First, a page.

2. There is a general belief out with the RM community that MS SharePoint implementation is relatively simple and easy and that EDRMS implementation is hard and burdensome on users and their organisation. What evidence can the panelists provide from their experience that supports or is at odds with this belief?

Me:   I am not sure that ‘easy’ is the right word for SharePoint:  the simple old shared drive is much easier than SharePoint!   For teams the advantage they get from SharePoint is that they it gives them more choice on how they set up their information environment.  But choice brings with it some elements of complexity.     Within their SharePoint team sites teams are having to decide how many document libraries they want,  what they want them for, whether they want version control enabled, whether they want to organise their libraries by folders or content types.  When they start a new piece of work they need to decide whether they want a whole new sub site, or a new document library, or a new folder within a document library.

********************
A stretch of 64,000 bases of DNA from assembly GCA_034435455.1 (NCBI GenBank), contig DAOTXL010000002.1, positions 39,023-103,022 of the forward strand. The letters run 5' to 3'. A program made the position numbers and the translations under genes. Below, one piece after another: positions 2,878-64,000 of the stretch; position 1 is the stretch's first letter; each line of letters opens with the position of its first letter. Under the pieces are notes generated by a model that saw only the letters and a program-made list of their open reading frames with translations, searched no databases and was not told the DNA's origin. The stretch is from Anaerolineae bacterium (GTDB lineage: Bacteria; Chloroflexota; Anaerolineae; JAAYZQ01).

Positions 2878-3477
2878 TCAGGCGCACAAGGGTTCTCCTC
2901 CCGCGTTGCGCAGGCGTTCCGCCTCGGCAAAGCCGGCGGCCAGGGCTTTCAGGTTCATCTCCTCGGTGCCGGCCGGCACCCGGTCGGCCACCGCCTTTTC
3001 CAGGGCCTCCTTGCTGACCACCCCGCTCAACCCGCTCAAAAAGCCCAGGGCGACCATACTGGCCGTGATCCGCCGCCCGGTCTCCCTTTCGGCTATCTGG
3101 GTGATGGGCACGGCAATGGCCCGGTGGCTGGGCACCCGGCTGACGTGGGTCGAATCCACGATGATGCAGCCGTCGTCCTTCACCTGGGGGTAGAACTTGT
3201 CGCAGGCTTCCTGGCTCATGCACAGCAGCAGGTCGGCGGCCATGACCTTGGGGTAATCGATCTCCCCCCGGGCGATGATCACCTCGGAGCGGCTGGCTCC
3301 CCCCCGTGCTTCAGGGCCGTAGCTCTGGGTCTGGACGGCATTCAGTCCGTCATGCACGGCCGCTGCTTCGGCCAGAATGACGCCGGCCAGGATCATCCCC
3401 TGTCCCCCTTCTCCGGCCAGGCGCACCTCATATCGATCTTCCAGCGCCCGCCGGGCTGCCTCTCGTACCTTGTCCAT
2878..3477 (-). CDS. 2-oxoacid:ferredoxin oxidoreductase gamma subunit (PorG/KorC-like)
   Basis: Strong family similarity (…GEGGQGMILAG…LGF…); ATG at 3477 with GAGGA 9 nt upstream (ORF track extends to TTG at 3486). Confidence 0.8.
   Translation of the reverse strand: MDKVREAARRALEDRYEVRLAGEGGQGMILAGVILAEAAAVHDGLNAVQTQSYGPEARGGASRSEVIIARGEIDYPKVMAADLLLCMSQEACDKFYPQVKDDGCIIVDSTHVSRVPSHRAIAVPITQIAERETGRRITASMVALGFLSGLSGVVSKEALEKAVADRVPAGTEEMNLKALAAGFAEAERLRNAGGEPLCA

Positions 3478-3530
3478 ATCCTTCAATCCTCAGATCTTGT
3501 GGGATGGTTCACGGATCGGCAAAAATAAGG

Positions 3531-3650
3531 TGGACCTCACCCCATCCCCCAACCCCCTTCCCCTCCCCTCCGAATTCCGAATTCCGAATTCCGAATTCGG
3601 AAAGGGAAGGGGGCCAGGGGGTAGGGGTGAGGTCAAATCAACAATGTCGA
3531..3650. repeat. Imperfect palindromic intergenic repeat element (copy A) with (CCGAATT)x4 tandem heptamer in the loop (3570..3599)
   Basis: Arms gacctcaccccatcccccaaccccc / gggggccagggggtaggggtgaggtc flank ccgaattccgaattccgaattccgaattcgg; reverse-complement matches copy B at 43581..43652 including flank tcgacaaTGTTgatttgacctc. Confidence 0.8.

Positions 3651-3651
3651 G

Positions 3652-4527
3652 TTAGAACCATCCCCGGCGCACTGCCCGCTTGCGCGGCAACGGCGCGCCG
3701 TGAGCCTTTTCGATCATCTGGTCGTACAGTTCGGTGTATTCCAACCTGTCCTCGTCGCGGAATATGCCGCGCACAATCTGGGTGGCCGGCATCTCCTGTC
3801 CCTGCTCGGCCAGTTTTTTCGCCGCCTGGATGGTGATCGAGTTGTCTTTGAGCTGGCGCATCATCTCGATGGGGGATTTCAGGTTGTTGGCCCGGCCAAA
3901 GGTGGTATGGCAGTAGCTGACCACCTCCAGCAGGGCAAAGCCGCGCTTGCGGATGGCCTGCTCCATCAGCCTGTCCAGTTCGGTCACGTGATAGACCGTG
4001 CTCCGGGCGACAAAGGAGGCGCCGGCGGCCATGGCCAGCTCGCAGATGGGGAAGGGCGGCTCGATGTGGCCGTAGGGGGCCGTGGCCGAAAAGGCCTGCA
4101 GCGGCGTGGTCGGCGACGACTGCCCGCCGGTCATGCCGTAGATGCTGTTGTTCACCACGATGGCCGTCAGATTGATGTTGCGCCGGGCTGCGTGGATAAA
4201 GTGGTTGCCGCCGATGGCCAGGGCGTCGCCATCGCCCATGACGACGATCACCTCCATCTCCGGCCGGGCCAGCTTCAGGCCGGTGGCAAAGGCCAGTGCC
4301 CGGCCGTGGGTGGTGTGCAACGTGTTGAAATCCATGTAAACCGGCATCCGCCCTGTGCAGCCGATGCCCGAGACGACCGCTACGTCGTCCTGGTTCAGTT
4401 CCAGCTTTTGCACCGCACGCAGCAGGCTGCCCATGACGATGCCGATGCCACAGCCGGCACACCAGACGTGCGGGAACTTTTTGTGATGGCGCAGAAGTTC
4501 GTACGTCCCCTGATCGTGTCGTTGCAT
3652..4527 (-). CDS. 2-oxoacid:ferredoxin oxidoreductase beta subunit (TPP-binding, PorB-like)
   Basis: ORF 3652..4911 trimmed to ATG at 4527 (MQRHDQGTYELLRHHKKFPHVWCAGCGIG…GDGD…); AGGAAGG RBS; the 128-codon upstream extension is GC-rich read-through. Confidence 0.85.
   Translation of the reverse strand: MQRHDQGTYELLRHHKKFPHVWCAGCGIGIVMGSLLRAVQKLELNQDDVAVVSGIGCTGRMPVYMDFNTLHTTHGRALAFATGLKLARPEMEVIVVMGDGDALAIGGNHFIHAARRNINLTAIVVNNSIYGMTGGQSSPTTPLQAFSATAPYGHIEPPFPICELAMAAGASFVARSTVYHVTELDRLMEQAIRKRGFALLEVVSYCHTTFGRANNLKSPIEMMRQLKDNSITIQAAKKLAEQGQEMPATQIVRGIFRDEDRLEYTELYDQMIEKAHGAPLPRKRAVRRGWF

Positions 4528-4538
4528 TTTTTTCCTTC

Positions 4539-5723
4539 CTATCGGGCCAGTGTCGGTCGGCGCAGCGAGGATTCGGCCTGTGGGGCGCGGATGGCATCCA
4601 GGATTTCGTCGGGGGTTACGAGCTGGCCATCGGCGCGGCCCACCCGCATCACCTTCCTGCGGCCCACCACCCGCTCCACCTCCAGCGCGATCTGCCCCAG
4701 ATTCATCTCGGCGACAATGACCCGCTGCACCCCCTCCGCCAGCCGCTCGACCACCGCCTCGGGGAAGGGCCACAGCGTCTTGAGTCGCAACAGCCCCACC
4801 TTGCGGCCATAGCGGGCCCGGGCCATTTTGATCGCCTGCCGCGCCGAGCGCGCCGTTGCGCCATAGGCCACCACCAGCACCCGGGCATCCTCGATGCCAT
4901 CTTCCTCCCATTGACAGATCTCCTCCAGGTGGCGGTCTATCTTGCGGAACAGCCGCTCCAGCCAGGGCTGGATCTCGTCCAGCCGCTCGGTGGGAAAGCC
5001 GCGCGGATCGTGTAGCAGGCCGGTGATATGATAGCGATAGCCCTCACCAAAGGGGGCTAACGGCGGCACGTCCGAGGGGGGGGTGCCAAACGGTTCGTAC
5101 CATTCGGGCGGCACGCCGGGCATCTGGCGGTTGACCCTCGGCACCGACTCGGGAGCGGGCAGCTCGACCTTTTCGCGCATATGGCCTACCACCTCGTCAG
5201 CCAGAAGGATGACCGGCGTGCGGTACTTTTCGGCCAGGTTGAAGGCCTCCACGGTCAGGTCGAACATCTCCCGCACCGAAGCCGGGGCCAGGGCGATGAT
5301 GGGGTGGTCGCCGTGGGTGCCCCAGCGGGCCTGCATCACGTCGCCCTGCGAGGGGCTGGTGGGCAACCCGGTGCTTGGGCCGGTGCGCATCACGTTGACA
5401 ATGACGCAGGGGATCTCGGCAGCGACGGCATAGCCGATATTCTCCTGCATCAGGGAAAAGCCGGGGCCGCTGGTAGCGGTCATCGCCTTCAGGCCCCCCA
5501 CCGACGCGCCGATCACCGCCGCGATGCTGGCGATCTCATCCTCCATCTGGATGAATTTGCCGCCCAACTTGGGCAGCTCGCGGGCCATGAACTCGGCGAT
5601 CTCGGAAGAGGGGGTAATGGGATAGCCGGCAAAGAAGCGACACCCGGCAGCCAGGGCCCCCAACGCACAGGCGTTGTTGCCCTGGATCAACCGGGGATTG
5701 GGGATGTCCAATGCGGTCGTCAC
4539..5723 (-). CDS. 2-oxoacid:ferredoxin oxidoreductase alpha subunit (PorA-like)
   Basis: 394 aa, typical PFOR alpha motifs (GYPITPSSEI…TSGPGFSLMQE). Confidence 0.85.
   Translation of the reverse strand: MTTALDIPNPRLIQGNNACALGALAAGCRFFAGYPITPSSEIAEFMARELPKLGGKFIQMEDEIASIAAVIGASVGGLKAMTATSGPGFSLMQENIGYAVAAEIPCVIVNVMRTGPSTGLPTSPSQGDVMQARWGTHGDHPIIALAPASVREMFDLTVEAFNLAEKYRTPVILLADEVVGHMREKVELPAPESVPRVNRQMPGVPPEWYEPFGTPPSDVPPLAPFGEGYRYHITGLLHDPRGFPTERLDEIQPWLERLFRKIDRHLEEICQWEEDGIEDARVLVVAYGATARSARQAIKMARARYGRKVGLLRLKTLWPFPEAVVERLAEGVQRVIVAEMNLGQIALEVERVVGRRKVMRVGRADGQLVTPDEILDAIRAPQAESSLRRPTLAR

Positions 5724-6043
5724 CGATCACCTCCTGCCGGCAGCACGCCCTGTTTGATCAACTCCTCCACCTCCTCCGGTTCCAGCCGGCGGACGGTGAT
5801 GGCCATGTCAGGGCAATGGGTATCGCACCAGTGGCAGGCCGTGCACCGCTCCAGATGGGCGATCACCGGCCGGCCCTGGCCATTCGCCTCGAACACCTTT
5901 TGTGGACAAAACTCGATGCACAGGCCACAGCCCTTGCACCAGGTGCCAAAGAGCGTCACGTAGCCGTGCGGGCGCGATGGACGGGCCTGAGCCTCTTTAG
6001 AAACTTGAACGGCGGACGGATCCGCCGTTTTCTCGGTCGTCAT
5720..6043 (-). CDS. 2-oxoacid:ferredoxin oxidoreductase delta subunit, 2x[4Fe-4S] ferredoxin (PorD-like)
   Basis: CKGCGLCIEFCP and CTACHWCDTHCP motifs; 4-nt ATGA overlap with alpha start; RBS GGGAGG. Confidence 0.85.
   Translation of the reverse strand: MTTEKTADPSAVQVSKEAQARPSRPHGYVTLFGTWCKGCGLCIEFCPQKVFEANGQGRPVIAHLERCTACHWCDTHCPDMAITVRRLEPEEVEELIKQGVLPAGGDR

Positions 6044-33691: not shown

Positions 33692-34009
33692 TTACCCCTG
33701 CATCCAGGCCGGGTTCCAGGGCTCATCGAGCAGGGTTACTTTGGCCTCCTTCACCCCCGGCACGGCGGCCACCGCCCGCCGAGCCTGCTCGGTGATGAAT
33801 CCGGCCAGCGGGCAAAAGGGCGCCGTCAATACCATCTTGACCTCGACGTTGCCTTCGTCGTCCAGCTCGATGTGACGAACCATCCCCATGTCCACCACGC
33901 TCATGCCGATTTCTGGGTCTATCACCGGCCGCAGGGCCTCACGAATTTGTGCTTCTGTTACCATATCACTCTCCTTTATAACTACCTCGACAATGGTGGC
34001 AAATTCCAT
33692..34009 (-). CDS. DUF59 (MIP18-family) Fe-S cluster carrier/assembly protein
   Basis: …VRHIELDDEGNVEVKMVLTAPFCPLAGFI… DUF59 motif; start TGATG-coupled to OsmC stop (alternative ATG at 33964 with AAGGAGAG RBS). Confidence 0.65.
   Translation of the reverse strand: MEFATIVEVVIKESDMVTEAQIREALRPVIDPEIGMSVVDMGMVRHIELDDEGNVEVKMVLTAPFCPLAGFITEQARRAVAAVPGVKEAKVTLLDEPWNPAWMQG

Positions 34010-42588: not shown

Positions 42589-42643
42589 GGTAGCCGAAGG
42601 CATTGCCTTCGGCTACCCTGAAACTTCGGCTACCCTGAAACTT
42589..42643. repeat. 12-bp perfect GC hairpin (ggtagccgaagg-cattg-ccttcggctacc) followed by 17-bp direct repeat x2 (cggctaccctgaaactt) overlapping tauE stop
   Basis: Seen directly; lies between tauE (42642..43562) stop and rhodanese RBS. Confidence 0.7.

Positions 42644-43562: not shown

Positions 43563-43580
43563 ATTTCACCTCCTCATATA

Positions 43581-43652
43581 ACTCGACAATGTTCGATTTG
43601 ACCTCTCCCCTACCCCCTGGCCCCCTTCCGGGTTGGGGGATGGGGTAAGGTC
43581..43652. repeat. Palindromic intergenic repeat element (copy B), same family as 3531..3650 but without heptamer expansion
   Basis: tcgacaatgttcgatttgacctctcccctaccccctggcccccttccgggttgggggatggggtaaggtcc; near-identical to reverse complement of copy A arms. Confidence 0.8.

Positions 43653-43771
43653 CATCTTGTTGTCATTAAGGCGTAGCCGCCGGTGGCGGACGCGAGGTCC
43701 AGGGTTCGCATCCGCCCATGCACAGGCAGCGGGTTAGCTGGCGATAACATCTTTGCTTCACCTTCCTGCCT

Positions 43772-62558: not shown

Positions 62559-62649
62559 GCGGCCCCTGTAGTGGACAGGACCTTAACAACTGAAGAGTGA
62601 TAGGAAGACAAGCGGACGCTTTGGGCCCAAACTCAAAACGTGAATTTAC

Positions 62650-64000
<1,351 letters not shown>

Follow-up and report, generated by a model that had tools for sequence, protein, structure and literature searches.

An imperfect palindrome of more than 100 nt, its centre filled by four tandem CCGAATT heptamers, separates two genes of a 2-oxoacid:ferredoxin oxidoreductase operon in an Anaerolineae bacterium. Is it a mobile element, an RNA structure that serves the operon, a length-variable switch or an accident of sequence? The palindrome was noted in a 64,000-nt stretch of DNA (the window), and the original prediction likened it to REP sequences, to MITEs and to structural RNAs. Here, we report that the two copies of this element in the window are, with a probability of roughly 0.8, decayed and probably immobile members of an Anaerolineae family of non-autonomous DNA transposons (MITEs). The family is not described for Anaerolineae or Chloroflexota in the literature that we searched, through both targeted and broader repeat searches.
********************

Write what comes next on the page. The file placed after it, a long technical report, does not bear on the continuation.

For an organisation SharePoint is certainly far from easy to govern:  it takes considerable ongoing thought and effort to control the creation of new sites to prevent SharePoint sprawl, and the SharePoint records centre is far from straightforward to implement if you wish to use that for records management.

Marc:  SharePoint is easy and cheap to implement so long as you don’t want to implement it well.  If you want to implement it well  then you will have to give just as much thought to issues of how you want SharePoint to be structured, how you set up metadata and search, and  about governance and access permissions, as you would with an EDRMS implementation.  And if you want to manage records well all commentators are agreed you are going to have to plug in an EDRMS capability at the back of it anyway.

 

3. Is there a future for independent EDRM vendors now that Microsoft is targeting this market?

 

Me:  the next version of SharePoint will be out in the first half of next year and will be called SharePoint 2010.  Although no one has seen it yet, industry analysts are predicting that there won’t be significant improvements in the records management capabilities.  [see Kathleen Reidy and CMS Wire].  I agree with the analysts:  adding MoReq 2 records management functionality to SharePoint would be a major rewrite of the software and I can’t see Microsoft  undertaking it in the near future.